Anticipating Trust and Estate Litigation: Ways to Minimize the Likelihood, Scope, and Expense

Read an interesting article written by written by Kendal Weisenmiller and published in Estate Planning issue of the bar journal Communiqué (November 2021).

Anyone who creates a will or trust expects the document to be honored after their death. Unfortunately, challenges to the probate of a testator’s will or administration of a trustor’s trust are an unwelcome reality for many families. Based on very little information, an interested person may ask the probate court to declare a will contest declared under NRS 137 or assume jurisdiction of the trust and hear disputes over its validity under NRS 153, 164, and 165. Estate planning prepared by a competent attorney will anticipate these conflicts and plan ways to reduce them.

Proper execution of documents; secure the originals

A challenge to a will or trust begins with whether the document was properly executed. This includes meeting the requirements of a valid will or trust. See NRS 133.040, 163.002-0095. Although subscribing witnesses may sign the required affidavits after the fact, it may be difficult to locate them decades after the will was executed. See NRS 133.050. While handwritten “holographic” wills are valid, authenticity of the testator’s handwriting may be disputed. See NRS 133.090. An amendment to a will or trust that does not comply with the legal requirements, or the method of amendment permitted by the trust, is likely to be disputed. See Restatement (Third) of Trusts § 63 (2003).

Other common disputes over a will or trust are fraud, duress, undue influence, Nevada’s “Caregiver” statute (NRS 155.093, et. seq) and lack of capacity. Anticipating conflicts regarding capacity, an estate planner may have the testator obtain a doctor’s letter regarding the testator’s mental capacity. To ensure the statutory presumption cannot void the will or trust, an estate planner may have another attorney complete a Certificate of Independent Review of the will or trust pursuant to NRS 155.0975. Nevada law even provides a way to declare a trust valid while the settlor is alive but incompetent. See NRS 164.015.

It is important to keep track of the location of the original estate planning documents.

Identifying and disinheriting heirs

Disinheriting a child requires estate planning, otherwise intestate succession laws under NRS 134 dictate the disposition of the decedent’s assets. The omission of a child or grandchild of a testator from a testator’s will is presumed intentional. NRS 133.170. Documents not updated after a birth, death, marriage, divorce, or annulment may create opportunities for litigation. See, e.g., NRS 136.160 (rights of child born after child’s parent makes a will), 133.110 (revocation by marriage), 133.115 (revocation of provisions in favor of former spouse on divorce or annulment, exceptions). For example, Nevada’s “anti-lapse statute” may prevent a bequest from lapsing due to a beneficiary pre-deceasing a testator. See NRS 133.200.

Don’t rely on a no-contest clause

A standard “no-contest clause” in a will or trust is intended to deter beneficiaries from disputing the document by forfeiting any inheritance if they challenge it in court. While such a clause is enforceable, Nevada law provides two “safe harbor” statutes defining what conduct does not constitute a “contest.” See NRS 137.005 (wills), 163.00195 (trusts). A no-contest clause must not be enforced by the court and the heir’s share may not be reduced or eliminated because the party acts to “enforce the clear and unambiguous terms” of the document; enforce legal rights; obtain court instruction with respect to the proper administration of the trust/estate or the construction or legal effect of the document; enforce fiduciary duties; or, institutes legal action to invalidate the document in good faith and based on probable cause. While a generic no-contest clause is unlikely to prevent litigation, a carefully designed clause, paired with a small inheritance that the heir would not want to forfeit, may prevent a contest.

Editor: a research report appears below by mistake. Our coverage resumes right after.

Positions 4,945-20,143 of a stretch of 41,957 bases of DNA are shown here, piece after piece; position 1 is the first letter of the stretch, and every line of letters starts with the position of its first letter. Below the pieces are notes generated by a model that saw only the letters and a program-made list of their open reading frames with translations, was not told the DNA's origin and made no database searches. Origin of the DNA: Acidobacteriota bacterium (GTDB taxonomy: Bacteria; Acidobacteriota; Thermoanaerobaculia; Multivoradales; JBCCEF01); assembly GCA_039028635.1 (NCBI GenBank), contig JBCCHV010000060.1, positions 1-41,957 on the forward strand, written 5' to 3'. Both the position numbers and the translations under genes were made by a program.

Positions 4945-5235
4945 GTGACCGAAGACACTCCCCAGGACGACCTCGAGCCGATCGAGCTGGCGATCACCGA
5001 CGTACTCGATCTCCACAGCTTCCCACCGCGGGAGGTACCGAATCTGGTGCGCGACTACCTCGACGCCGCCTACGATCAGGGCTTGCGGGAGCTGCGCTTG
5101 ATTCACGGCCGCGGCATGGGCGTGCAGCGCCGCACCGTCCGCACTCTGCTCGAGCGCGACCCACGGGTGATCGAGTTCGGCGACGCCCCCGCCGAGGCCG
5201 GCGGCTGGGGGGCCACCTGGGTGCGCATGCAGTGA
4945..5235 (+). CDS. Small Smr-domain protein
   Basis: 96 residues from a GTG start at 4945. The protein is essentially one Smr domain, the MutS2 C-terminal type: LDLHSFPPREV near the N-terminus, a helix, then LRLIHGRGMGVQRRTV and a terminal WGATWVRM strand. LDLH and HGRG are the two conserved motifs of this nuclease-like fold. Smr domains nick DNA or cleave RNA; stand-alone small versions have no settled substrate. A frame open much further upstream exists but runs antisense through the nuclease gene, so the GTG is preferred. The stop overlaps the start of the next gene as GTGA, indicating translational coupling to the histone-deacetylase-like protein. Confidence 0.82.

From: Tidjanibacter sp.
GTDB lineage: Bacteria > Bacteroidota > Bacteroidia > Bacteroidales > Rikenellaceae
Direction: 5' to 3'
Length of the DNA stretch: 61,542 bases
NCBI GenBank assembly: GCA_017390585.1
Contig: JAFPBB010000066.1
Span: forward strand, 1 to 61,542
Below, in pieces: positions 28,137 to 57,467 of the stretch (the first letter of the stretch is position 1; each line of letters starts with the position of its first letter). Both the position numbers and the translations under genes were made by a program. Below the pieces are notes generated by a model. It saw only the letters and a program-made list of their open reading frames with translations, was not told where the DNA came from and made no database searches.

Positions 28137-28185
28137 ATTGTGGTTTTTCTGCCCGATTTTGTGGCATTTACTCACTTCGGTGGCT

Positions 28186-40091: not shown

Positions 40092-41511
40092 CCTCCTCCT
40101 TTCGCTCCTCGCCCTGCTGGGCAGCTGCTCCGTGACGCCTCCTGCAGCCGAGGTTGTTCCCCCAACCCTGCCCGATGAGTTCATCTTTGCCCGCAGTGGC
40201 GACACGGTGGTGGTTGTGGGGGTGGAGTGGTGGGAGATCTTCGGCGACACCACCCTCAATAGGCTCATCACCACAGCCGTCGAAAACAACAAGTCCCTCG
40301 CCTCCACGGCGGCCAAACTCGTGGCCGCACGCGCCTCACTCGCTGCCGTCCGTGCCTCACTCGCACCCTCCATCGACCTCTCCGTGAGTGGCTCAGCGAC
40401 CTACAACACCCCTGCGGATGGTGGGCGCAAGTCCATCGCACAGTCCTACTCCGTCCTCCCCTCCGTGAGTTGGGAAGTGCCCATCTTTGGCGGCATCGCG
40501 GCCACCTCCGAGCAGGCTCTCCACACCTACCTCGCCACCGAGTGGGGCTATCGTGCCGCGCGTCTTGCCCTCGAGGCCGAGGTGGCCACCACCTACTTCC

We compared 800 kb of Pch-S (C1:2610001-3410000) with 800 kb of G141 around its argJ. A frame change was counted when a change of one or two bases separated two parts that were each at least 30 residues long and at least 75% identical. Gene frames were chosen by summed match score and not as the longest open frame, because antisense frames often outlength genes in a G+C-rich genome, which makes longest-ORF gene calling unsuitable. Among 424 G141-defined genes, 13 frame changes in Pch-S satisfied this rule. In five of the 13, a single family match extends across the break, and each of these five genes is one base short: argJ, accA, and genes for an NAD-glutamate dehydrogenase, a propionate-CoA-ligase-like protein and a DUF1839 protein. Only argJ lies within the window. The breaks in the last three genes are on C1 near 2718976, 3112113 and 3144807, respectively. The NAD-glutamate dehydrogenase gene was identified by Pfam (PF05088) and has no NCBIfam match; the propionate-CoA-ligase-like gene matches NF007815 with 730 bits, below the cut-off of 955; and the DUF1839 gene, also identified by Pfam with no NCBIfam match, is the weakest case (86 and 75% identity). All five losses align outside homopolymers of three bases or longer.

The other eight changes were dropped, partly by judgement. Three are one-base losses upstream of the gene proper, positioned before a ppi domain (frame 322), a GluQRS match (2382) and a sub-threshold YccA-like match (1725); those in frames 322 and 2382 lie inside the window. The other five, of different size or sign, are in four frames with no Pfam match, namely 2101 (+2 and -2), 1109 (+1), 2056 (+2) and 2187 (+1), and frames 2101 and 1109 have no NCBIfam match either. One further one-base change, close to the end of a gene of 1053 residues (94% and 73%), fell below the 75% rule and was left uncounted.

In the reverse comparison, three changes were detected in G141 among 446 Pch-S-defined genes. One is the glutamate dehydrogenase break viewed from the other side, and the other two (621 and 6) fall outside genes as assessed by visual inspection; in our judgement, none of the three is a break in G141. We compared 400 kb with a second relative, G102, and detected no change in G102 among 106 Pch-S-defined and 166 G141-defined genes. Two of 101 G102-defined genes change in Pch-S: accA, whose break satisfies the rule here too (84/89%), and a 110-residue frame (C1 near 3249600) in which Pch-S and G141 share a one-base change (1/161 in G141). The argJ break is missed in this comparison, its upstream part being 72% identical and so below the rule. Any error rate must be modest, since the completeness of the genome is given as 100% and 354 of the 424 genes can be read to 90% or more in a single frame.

Consider a mandatory mediation or arbitration clause

In Nevada, a mandatory arbitration clause in a will or trust, other than for disputes of the validity of all or a part of a will or trust, is enforceable. See NRS 164.930. While a mandatory arbitration provision may not avoid all litigation, it can limit the expense and scope.

Given the frequency, delay, and expense of trust and estate litigation, the value of a competent estate planning attorney who will give special consideration to anticipated conflicts and take precautions to minimize litigation of those conflicts after death, thus avoiding unintended distribution of assets, cannot be overstated.

About the author
Kendal Weisenmiller

Kendal Weisenmiller is a Member at Dawson & Lordahl, PLLC. Since 2010, Kendal’s practice has focused on probate and trust litigation and probate administration, representing a variety of parties in a range of complex matters. Kendal has earned the AV/Preeminent® rating from Martindale-Hubbell, and was selected to Super Lawyers® Rising Stars for 2017-2020 and Nevada Business Magazine’s Legal Elite in 2014 and 2016-2021.

About this article: This article was originally published in the “Estate Planning” issue of Communiqué, the official publication of the Clark County Bar Association, (November 2021). See https://clarkcountybar.org/about/member-benefits/communique-2021/communique-november-2021/.

© 2021 Clark County Bar Association (CCBA). All rights reserved. No reproduction of any portion of this issue is allowed without written permission from the publisher. Editorial policy available upon request.

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